The brachial plexus is a nerve network that controls the muscles of the arm. Birth injuries to these nerves may paralyze or weaken the shoulder, arm and hand. The St. Louis Children’s Hospital states that brachial plexus birth injuries occur during 0.2 to 2.0 per 1,000 births. While the majority of newborn babies with brachial plexus injuries heal on their own within a year after birth, some require physical and occupational therapy and a few may even require surgery.
Four primary kinds of nerve injuries may occur in infants with brachial plexus birth palsy:
- Avulsion: This occurs when nerve roots are separated from the spinal cord. This is an uncommon form which cannot be treated by surgery.
- Rupture: Ruptures result in torn nerves, but not at the contact point to the spine. This is a common form of brachial plexus injury and can be treated by surgery.
- Neurapraxia:This is the most common form of brachial plexus injuries. In this case, a nerve is stretched, not torn, and the damaged nerve(s) can often heal on their own.
- Neuroma: The nerve partially recovers on its own but scar tissue forms, which affects nerve function. Neuroma can be treated by surgery.
Brachial plexus causes
Brachial plexus injury occurs most frequently with large babies, a breeched delivery, long or difficult labor and twin births. While this type of injury may be unavoidable under these circumstances, there are instances where a doctor pulls too hard during delivery and damages the brachial plexus.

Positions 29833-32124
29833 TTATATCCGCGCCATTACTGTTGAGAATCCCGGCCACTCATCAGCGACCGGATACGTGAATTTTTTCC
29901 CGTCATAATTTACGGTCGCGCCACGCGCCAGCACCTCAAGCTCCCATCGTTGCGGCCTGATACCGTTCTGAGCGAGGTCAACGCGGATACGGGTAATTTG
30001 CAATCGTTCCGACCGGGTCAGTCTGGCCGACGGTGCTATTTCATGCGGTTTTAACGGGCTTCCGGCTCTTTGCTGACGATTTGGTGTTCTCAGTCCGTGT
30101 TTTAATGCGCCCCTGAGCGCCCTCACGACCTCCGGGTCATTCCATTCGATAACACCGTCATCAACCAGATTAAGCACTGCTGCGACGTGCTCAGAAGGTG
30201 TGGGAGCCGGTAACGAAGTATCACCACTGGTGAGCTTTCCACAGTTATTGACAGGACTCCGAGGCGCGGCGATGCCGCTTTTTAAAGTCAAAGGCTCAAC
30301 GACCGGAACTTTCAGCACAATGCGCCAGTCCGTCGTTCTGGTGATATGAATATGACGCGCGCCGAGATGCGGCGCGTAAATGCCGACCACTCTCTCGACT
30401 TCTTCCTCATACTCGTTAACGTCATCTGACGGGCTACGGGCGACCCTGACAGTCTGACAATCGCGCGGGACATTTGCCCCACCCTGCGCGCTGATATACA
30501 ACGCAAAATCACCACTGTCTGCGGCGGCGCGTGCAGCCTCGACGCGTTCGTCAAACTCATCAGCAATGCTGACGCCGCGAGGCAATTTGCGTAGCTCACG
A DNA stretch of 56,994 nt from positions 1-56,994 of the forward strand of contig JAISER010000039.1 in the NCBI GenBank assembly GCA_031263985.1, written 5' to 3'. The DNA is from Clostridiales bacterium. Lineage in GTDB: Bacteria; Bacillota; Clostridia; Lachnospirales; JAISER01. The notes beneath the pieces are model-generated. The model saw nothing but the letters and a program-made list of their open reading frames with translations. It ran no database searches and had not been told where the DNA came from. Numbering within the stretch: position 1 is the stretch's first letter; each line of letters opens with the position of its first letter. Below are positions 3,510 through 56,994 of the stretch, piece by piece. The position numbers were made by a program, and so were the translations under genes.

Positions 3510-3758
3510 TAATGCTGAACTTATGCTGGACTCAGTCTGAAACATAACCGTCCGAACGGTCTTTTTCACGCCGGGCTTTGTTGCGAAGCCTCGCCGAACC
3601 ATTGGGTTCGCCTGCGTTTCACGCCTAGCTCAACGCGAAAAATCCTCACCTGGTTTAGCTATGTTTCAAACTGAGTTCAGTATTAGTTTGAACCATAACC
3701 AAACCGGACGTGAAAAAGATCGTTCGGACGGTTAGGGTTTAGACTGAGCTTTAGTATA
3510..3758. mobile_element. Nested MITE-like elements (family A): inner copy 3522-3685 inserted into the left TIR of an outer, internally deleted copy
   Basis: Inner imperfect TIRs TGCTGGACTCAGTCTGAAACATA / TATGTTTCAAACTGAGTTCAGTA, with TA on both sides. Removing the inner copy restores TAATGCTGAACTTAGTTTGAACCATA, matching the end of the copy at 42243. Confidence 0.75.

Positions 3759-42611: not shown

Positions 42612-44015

Doctors and nurses should recognize when a baby is at risk of suffering brachial plexus palsy and act accordingly to prevent damage. If they do not, their actions can be construed as negligent and used as the basis of a medical malpractice lawsuit. Depending on the severity of the injury, a baby with a brachial plexus injury could require multiple surgeries, treatments and, in some cases, lifelong care. The cost of all of this could be staggering and overwhelm a family, which is why those who suspect negligence should contact a birth injury attorney in Pittsburgh right away.
Speak to a birth injury attorney in Pittsburgh with over 30 years of experience
Our birth injury attorneys in Pittsburgh have decades of experience handling birth injury cases. We can help you determine whether your child’s brachial plexus injury was avoidable. If it was, you deserve to be compensated and as Pittsburgh medical malpractice attorneys, we will fight for you to receive what is necessary to pay for your child’s care. There are no attorney’s fees unless we are able to successfully recover compensation.